Project Kuiper, the Low Earth Orbit (LEO) satellite broadband venture that is being developed by US web giant Amazon, has filed a new application with the Federal Communications Commission (FCC), stating its intention to more than double its planned satellite constellation, from 3,236 satellites to 7,774.
The regulatory filing states: ‘Kuiper Systems, a wholly owned subsidiary of Amazon, requests authority to launch and operate a non-geostationary satellite orbit (NGSO) system using V-band and Ku-band frequencies allocated for satellite services (the Kuiper-V System) as a part of Kuiper’s second-generation constellation. The Kuiper-V System will deliver high speed, low-latency broadband connectivity to domestic and international customers through 7,774 high-performance satellites operating at altitudes between 590km and 650km; as well as terrestrial gateways; earth stations for telemetry, tracking and control; and a range of customer terminals.’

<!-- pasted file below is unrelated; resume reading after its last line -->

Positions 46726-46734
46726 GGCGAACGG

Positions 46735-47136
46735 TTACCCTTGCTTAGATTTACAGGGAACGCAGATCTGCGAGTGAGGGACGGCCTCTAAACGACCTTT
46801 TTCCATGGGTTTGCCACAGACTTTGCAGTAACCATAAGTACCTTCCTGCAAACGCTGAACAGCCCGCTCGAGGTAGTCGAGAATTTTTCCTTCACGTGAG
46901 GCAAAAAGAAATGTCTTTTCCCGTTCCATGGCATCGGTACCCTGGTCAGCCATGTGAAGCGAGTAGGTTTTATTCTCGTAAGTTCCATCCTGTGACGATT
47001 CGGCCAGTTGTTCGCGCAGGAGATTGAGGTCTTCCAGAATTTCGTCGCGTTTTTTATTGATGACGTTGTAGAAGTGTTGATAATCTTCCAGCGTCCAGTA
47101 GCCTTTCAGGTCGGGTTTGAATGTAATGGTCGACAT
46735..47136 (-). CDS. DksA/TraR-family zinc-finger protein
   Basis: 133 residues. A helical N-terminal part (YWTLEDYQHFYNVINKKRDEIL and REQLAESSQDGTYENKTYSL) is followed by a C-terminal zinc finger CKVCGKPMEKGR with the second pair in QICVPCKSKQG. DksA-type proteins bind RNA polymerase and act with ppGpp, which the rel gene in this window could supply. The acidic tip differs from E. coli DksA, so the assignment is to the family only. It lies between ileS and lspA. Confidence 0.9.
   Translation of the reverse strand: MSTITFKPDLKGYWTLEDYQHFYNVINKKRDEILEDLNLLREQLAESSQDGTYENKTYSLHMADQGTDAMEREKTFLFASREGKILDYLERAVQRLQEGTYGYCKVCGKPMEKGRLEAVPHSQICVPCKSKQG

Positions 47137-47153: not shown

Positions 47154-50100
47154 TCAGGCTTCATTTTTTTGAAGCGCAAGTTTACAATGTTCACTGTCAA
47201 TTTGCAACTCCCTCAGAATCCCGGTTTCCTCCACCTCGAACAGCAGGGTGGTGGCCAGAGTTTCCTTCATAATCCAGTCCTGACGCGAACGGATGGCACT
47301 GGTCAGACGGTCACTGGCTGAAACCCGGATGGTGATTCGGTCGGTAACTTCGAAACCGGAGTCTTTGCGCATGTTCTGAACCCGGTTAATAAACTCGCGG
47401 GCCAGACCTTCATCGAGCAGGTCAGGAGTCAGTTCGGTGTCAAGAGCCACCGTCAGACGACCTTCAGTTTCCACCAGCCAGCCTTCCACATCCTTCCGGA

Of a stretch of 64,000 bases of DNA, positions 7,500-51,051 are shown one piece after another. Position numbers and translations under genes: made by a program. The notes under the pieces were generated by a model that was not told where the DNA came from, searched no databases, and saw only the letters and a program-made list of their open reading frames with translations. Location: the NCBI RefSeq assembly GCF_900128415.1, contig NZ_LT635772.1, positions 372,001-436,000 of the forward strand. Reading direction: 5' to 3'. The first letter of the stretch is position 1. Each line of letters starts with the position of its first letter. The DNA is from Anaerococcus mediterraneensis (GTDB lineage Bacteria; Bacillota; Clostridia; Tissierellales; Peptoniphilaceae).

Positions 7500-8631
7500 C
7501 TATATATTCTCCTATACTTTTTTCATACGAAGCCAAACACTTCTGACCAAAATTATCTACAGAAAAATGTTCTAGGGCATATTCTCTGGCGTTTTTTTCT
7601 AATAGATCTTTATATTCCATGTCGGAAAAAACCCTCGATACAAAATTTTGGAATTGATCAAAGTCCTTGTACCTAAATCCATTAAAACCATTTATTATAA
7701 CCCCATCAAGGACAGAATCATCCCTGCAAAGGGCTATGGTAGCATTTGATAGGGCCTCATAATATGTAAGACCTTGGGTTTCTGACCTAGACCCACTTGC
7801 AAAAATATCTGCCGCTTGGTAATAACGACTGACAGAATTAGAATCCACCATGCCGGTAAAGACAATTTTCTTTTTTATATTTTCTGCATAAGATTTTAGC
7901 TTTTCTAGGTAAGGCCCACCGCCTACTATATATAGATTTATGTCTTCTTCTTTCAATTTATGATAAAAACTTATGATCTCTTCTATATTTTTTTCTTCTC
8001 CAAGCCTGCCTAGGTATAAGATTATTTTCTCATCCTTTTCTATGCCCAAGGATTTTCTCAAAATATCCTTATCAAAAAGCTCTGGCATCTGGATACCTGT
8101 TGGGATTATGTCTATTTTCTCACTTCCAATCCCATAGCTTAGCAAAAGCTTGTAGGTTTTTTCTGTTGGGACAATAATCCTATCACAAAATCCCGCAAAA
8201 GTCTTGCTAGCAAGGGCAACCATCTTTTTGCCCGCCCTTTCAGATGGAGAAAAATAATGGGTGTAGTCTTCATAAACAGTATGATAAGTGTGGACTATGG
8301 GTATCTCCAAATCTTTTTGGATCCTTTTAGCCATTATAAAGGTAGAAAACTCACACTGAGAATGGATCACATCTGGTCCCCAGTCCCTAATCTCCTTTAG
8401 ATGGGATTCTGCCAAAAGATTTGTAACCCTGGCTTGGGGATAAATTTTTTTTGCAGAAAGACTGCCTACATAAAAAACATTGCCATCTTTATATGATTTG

TeleGeography notes that the FCC initially granted Amazon approval to deploy and operate a constellation of 3,236 satellites via Project Kuiper on 30 July 2020. The venture has been authorised to deliver satellite-based broadband services in the US, extending internet access to unserved and underserved households and communities across the country. Amazon has committed to invest at least USD10 billion to support Project Kuiper.